True Grit ****
Film remakes tend to have a bad reputation. Often viewed as a shameless cash in on the good name of great movies and an indication that Hollywood is all out of original ideas, the mere mention of remaking a beloved classic film will generally be considered sacrilege by the original film’s devoted fans, sometimes out of the belief that a shoddy remake might tarnish the reputation and integrity of the film it is a remake of. So, it’s entirely understandable that many have been extremely apprehensive over True Grit, a remake – or perhaps reimagining, it is somewhat difficult to tell which these days – of the 1969 western of the same name directed by Henry Hathaway and starring John Wayne in the leading role.
Such apprehension, as it turns out, was all for nought, however, as this new version isn’t some cheap knock off made to cash in on the first film’s name – as much a classic as it is, I’m not sure how established its name is anyway – but rather a respectful reinterpretation written and directed by none other than the Coen Brothers, whose last film, No Country For Old Men – a sort of modern day western and a major departure from the kind of films that the Coens had been known for making in the past – received 8 nominations and won 4 awards at the 2008 Academy Awards. One thing that the Coen Brothers have made clear is that this film is actually intended rather as a more faithful adaptation of the 1968 novel of the same name that the original film was based on than as an outright remake of the film itself (putting this film into the same category of remake as 2005’s War of the Worlds and Charlie and the Charlie Factory, both of which were much closer to their original literary inspirations than the original films based on the books) and this distinction alone gives the film an edge that makes it more than just another remake. Concerns regarding the film’s quality should also have been allayed by now with the incredible word of mouth coming from the states, where the film received its release over the Christmas period at the end of last year. With a 95% positive score on Rotten Tomatoes and a general critical consensus that this remake is every bit as brilliant as the 1969 original film, the film has also proven to a be a box office juggernaut, having grossed $160 million to date – giving Jeff Bridges his second straight blockbuster hit there, after Tron Legacy also proved to be a very big hit and also awarding the Coen Brothers their first ever blockbuster hit – something that suggests that not only do critics like the film but audiences do too. For a western being released in the 21st century, such a performance is virtually unprecedented and the fact that it has done so well really shows that people over there consider it to be a quality film. Not only that but the film has outdone No Country For Old Men in terms of Oscar nominations, having earned itself ten nominations at this year’s Academy Awards. Is True Grit everything it is being made out to be then? Largely yes but not quite.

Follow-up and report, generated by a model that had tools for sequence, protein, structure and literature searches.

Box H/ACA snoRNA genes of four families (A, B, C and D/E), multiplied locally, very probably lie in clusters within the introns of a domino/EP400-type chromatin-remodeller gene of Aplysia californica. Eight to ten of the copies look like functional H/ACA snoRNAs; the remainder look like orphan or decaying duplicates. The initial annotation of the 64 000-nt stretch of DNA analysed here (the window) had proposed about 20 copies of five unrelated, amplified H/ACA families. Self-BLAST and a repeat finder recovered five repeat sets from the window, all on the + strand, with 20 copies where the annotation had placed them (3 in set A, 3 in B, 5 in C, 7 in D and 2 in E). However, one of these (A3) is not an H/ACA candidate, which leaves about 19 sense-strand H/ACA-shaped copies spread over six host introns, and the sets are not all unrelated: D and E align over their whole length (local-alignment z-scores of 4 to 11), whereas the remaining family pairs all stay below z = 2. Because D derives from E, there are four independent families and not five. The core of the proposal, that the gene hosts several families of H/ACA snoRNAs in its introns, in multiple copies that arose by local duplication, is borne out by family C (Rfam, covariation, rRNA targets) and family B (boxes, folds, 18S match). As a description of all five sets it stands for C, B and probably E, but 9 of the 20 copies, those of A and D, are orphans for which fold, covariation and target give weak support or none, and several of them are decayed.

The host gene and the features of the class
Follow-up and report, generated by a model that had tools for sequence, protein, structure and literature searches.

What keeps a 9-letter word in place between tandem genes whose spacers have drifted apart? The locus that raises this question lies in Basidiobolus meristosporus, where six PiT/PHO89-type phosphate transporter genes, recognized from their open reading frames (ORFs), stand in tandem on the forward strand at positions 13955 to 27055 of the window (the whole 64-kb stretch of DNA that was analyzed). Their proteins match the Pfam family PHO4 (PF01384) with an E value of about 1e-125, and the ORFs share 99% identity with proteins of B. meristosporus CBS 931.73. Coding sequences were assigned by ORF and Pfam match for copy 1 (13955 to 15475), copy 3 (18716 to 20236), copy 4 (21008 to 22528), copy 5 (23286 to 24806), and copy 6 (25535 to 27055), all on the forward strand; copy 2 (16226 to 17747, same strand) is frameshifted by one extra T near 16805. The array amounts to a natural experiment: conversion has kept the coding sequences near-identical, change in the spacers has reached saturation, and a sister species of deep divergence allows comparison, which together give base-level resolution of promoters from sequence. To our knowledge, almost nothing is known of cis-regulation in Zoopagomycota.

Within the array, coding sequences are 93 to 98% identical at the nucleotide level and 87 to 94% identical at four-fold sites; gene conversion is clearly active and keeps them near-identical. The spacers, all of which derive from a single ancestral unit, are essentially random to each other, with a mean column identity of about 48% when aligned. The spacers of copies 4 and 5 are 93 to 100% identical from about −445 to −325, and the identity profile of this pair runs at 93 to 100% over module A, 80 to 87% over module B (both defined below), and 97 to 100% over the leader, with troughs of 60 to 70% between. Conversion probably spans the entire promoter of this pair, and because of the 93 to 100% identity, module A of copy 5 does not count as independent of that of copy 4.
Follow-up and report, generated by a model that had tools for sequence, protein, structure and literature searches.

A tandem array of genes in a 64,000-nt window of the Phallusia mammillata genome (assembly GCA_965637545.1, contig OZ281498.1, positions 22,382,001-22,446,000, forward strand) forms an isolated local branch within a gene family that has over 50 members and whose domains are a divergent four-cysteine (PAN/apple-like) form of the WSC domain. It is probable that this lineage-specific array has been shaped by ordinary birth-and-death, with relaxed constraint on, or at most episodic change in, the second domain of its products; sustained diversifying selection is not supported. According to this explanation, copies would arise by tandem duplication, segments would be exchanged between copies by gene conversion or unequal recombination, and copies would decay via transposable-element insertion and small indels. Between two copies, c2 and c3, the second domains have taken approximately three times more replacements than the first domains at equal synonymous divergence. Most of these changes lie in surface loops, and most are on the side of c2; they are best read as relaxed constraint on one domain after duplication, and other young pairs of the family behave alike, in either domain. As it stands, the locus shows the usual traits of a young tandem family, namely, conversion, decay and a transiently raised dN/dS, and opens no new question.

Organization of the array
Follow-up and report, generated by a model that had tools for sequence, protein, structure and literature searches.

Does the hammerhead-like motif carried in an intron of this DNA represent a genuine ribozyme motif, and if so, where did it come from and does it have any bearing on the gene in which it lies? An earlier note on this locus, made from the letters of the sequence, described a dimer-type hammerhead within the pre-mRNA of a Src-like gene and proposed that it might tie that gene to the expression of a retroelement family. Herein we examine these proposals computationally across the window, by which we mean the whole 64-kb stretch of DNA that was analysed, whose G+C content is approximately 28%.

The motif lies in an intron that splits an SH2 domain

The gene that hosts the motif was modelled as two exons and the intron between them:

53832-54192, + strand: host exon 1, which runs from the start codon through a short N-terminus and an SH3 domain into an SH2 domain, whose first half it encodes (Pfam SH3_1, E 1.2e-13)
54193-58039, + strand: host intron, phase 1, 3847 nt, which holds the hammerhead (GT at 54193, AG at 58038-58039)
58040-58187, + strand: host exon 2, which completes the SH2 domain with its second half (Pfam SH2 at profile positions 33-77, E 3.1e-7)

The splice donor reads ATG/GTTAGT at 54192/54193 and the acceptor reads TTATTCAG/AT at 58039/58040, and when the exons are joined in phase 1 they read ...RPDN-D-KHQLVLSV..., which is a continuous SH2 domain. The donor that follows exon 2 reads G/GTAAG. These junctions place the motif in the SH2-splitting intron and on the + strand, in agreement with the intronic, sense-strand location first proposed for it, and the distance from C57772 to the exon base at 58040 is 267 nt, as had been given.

Mattie Ross (Hailee Steinfield) is a strong willed and spirited 14-year farm girl whose father has been murdered by a cold blooded and infamous killer named Tom Chaney (Josh Brolin). With the law seemingly not interested in catching the killer and Mattie desperate to see the man responsible hanged for his crime, she hires the grizzled but well seasoned Marshall Reuben J. ‘Rooster’ Cogburn (Jeff Bridges) to hunt him down. Only a man with “true grit” can bring a lawless man like Chaney to justice and, while Cogburn may be a slave to the bottle, he has killed many outlaws before and seems to be the right man for the job. Joined by a Texas ranger named LaBoeuf (Matt Damon) who wants to capture Chaney for his own purposes, Mattie and Cogburn begin to follow Chaney’s trail but, once they are on the road, the Marshall’s destructive behaviour begins to test her faith and when they finally catch up with Chaney and her very life is threatened, Mattie realises that if she is to enact her vengeance and survive she must show that she herself has “true grit”.